WASHINGTON (AFP) - A group of US senators introduced legislation to lift a ban prohibiting Americans from traveling to Cuba, undeterred by the recent crackdown on dissidents in the Communist island.
“After 43 years, it ought to be clear to everyone that the embargo has failed to weaken (Cuban President Fidel) Castro,” said Senator Max Baucus of Montana, the main sponsor of “The Freedom to Travel to Cuba Act.”
“A better approach is to reach out to the Cuban people. Ending the travel ban is the best way to do this,” said Baucus, the top Democrat on the Senate Finance Committee.
Other senators who are co-sponsoring the legislation include senators Lincoln Chafee of Rhode Island, Larry Craig of Idaho, Tim Johnson of South Dakota, Jeff Bingaman of New Mexico, Mike Enzi of Wyoming, Byron Dorgan of North Dakota, and Mark Dayton of Minnesota.
Baucus decried Cuba’s human rights abuses—including the recent crackdown on dissidents—as “appalling,” but said democracy is better served by reaching out to the Cuban people than by trying to isolate the regime.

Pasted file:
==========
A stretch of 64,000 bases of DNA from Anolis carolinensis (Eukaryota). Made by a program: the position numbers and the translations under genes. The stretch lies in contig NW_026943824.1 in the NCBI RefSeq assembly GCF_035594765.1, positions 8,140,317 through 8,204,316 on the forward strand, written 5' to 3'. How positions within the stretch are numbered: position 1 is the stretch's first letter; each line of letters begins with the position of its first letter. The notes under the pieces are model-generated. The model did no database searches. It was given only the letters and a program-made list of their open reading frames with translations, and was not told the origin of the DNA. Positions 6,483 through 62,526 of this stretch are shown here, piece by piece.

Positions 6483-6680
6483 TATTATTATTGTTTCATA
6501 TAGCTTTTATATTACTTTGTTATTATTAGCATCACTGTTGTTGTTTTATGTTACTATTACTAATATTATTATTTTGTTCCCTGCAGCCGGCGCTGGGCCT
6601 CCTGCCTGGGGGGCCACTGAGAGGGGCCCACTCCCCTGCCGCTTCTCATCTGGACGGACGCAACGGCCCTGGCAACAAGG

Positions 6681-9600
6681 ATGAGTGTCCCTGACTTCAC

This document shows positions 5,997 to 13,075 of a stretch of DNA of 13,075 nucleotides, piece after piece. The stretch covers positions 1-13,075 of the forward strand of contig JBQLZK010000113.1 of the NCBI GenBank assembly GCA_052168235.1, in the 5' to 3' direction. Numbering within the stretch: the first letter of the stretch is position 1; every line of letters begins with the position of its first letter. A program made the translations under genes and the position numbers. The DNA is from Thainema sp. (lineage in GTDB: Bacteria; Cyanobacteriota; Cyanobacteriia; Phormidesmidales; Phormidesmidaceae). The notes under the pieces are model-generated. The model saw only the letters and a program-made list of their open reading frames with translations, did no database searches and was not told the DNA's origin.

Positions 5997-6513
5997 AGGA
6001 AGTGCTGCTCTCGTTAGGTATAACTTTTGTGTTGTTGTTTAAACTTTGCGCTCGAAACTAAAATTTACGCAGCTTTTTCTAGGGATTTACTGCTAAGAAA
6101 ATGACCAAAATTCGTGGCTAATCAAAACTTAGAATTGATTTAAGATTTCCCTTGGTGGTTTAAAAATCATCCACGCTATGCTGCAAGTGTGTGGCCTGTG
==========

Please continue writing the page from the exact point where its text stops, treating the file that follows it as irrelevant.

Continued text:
“By continuing and even strengthening the embargo and travel ban in Cuba, we are only further closing off the country and preventing democracy,” he said.
Tens of thousands of Americans visit the island every year, but US officials have said tourist dollars only prolong Castro’s rule.
Interest groups which support lifting the travel ban, as well as a four-decade-long trade embargo against Cuba, cheered the new proposed legislation.
“This bill is a clear demonstration of solidarity with the Cuban people at a time when they need it most,” said Wayne Smith, Senior Fellow at the Center for International Policy, and a former US Interests Section Chief in Havana.
“Legalizing travel to Cuba is needed, now more than ever, so that engagement with Cuba can replace isolation of Cuba, as the best instrument for America to influence democratic openings there,” Smith said.